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Crypto is Dead? (Again?)

Chris Campbell

Posted September 13, 2022

Chris Campbell

In 1935, a habitually beer-clenching Bill Wilson was told by his doctor that unless he quit drinking, he’d be in a coffin in less than six months.

That night, beer in hand, he stared at nothing in particular… as those in deep thought do… wondering how he was going to kick this long-held habit.

Bill had listened to the experts on how to quit drinking.

So had his buddies.

He was tired of listening to them. Most of them didn’t know anything -- not a damn thing -- about what it meant to be addicted.

His buddies said the same thing.

Instead of turning to the experts, Bill realized that he needed a support system from others in the same predicament. People who could relate with what he was going through.

People like his buddies.

Alcoholics Anonymous was born… one of the most successful decentralized organizations in recent history.

This will sound strange, but this story has everything to do with why James just sold all of his Bitcoin.

(No, it’s not because he’s addicted.)

It will also explain why, contrary to popular thought, crypto (still) isn’t dead.

Before we go there…

There’s a huge “disruption” scheduled for the crypto market in TWO days.

It’s a hurricane of creative destruction so powerful that it will create big losers and even bigger winners — some cryptos will thrive, while others disappear.

That’s why James and our publisher Doug hosted a special webinar yesterday to tell you all about it.

Couldn’t make it? Don’t worry.

The replay is right here at this link.

And read on.

The Leaderless Organization

As said, Alcoholics Anonymous is one of the most successful decentralized organizations in recent history.

From the start, nobody owned AA. There were no application forms. It was 100% permissionless. Anyone could start a chapter, anywhere, without anyone saying a word otherwise.

In AA, nobody’s in charge but everybody’s in charge. Sponsors didn’t lead by force and coercion, but by example.

That’s the thing about decentralized systems: there are no clear leaders, the hierarchy is relatively flat, and there’s no central headquarters. This structure allows for ideas, iterations, and innovations to happen quickly.

But, as we saw yesterday with the Apaches, it’s easy to turn a starfish (decentralized org) into a spider (a centralized org).

(If you missed it: The Apaches, after fending off the Spanish army for nearly two centuries, only fell when their cultural leaders were given control of cattle. Centralized property became a centralized force.)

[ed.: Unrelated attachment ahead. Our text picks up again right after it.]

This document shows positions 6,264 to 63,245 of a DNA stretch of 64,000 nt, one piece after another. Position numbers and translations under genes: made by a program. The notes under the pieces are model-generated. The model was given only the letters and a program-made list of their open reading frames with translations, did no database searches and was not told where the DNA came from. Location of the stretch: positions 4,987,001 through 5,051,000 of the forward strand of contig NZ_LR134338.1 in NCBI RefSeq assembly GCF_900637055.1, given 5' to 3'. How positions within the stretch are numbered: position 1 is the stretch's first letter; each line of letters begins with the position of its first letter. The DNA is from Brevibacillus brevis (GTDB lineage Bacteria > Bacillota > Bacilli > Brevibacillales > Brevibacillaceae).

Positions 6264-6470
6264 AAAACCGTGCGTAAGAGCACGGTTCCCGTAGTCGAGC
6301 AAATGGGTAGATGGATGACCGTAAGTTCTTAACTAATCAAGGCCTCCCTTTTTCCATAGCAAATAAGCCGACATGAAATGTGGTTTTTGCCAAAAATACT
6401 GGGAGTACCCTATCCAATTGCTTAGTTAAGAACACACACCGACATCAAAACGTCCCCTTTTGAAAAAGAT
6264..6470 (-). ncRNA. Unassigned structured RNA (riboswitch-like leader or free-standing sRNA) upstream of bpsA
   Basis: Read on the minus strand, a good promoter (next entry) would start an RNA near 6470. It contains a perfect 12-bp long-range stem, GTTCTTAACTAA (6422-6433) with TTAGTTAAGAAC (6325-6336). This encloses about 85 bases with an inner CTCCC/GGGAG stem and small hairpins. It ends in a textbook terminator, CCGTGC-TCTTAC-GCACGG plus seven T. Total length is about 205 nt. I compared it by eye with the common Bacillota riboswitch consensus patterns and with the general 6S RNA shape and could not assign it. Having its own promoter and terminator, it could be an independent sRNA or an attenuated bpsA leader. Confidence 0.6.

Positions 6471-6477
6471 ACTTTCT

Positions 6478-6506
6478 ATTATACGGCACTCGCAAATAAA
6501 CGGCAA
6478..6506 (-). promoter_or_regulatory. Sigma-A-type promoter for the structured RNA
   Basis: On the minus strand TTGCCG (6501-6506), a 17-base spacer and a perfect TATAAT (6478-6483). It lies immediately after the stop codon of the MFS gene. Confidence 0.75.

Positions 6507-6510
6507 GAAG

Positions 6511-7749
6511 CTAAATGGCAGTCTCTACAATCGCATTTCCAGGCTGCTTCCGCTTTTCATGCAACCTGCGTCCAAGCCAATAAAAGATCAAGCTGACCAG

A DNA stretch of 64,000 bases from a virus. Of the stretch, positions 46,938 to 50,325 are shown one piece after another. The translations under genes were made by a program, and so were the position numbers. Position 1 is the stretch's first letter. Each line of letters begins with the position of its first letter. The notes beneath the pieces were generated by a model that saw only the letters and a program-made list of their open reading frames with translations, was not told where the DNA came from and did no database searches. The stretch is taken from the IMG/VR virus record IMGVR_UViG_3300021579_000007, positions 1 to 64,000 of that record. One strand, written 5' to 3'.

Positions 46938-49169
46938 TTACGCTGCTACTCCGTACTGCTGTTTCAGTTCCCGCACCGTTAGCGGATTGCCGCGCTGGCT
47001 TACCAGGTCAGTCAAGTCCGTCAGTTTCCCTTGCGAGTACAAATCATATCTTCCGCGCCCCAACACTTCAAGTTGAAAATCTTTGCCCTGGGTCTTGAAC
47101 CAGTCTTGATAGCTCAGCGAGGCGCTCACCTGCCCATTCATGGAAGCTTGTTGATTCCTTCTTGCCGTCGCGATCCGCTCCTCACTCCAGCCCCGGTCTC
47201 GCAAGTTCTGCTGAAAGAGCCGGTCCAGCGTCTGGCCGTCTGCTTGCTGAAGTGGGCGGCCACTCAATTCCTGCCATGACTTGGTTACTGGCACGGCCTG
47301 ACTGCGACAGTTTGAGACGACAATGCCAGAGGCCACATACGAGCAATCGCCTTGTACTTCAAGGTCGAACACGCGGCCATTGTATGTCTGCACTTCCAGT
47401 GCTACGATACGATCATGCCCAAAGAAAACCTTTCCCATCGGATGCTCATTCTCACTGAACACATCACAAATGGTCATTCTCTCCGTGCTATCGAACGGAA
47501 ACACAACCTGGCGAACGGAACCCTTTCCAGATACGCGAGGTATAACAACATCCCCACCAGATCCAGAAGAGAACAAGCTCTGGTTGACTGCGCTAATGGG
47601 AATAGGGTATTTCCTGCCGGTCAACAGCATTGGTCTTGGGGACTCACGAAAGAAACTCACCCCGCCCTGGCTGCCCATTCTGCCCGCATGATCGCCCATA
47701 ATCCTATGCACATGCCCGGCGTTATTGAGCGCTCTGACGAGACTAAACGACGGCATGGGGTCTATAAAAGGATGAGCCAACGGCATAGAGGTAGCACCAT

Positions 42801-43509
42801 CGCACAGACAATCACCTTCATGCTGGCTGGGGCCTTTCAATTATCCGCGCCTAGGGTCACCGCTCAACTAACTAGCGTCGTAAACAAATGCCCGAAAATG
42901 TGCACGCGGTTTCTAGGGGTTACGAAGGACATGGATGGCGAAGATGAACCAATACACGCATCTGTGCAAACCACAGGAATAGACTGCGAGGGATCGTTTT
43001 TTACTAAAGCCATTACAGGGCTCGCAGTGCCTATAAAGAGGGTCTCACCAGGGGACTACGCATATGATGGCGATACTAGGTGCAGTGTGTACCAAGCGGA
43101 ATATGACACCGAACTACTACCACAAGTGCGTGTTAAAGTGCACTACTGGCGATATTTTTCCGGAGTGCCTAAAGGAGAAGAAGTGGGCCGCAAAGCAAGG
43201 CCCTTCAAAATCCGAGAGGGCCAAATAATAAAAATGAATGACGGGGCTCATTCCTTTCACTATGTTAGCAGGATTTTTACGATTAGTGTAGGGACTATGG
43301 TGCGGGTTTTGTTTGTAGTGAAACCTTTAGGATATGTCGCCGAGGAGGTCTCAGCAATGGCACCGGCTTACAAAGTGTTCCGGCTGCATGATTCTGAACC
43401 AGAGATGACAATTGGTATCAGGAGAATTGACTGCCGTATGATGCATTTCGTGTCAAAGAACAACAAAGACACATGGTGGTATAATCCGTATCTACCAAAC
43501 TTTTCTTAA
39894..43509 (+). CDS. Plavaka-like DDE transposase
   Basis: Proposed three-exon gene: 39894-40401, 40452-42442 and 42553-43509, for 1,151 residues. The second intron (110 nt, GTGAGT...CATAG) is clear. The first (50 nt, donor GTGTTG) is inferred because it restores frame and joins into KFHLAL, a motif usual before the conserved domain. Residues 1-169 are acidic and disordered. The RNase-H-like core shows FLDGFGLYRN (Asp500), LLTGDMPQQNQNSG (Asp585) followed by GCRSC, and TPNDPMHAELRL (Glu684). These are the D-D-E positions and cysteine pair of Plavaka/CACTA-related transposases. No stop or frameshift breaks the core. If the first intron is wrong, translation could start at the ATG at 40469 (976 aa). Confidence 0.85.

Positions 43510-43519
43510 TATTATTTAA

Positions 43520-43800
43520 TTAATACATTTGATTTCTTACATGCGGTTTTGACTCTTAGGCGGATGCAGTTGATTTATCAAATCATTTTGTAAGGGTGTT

From Starfish to Spider

Let’s see how AA lost a little bit of its leaderless spirit.

When Bill put together a book, nicknamed The Big Book, he decided that the proceeds would go to support Alcoholics Anonymous World Services (AAWS), a non-profit dedicated to supporting chapters worldwide.

At the time, AA only had about 100 members.

He figured the proceeds would be meager; maybe enough to buy some supplies for a few chapters.

But then, AA ballooned into 10,000 chapters and the book sold over 25 million copies, producing an enormous amount of money for AAWS.

What was once a decentralized organization now had a central HQ flush with cash. AAWS decided to spend millions of dollars on renovations for its offices, generating conflict with many AA chapter leaders. The money, they believed, would have been better spent on the chapters themselves — not some corner offices where there are no AA circles.

The tension only got worse from there.

Members of AA began translating The Big Book into different languages, often giving it away for free. HQ would have none of it, suing some members in the interest of protecting their intellectual property.

As the HQ became more demanding and strict, it reduced the ability of each chapter to self-govern and innovate. AA became bureaucratic. Nothing like its upstart.

Just the Beginning

The authors Brafman and Beckstrom of The Spider and the Starfish put it like this:

“At the core of what happened with the Apaches and with AA was the concentration of power. Once people gain a right to property, be it cows or book royalties, they seek out a centralized system to protect their interests. It’s why we want our banks to be centralized. We want control, we want structure, we want reporting when it comes to our money.”

Of course, this isn’t a bad thing. But it does open up the potential for corruption and arbitrary control.

As mentioned yesterday, it’s synchronistic that Brafman and Beckstrom wrote their book in 2008, the same year Bitcoin was released to the world.

Here was a leaderless and permissionless organization that distributed power and property rights to the edges.

From that one innovation, we saw a Cambrian explosion of ideas, iterations, and other innovations on how to create leaderless organizations — many with specific utility — using the greatest incentivizer ever invented: money.

Sure, most of the cryptocurrencies have been complete copycats disguised as innovation…

But the true strength of decentralization is permissionless iteration over time. Crypto’s open and permissionless structure allows it to iterate faster than any industry in history.

All of this explains why…

James Sold All of His Bitcoin

As you may know, James first spotted Bitcoin in 2013.

At first glance, he thought it was a scam. Then, his friend Naval Ravikant took him down the rabbit hole, telling him everything he needed to know.

He was sold.

But then, something happened. Just recently, he sold ALL of his Bitcoin.

And he did so in anticipation of a major disruption happening in TWO DAYS from today.

If you want to know WHY James sold his Bitcoin… and what he bought instead (and where he believes you should park your money)...

Click here for everything you need to know… before it’s too late.

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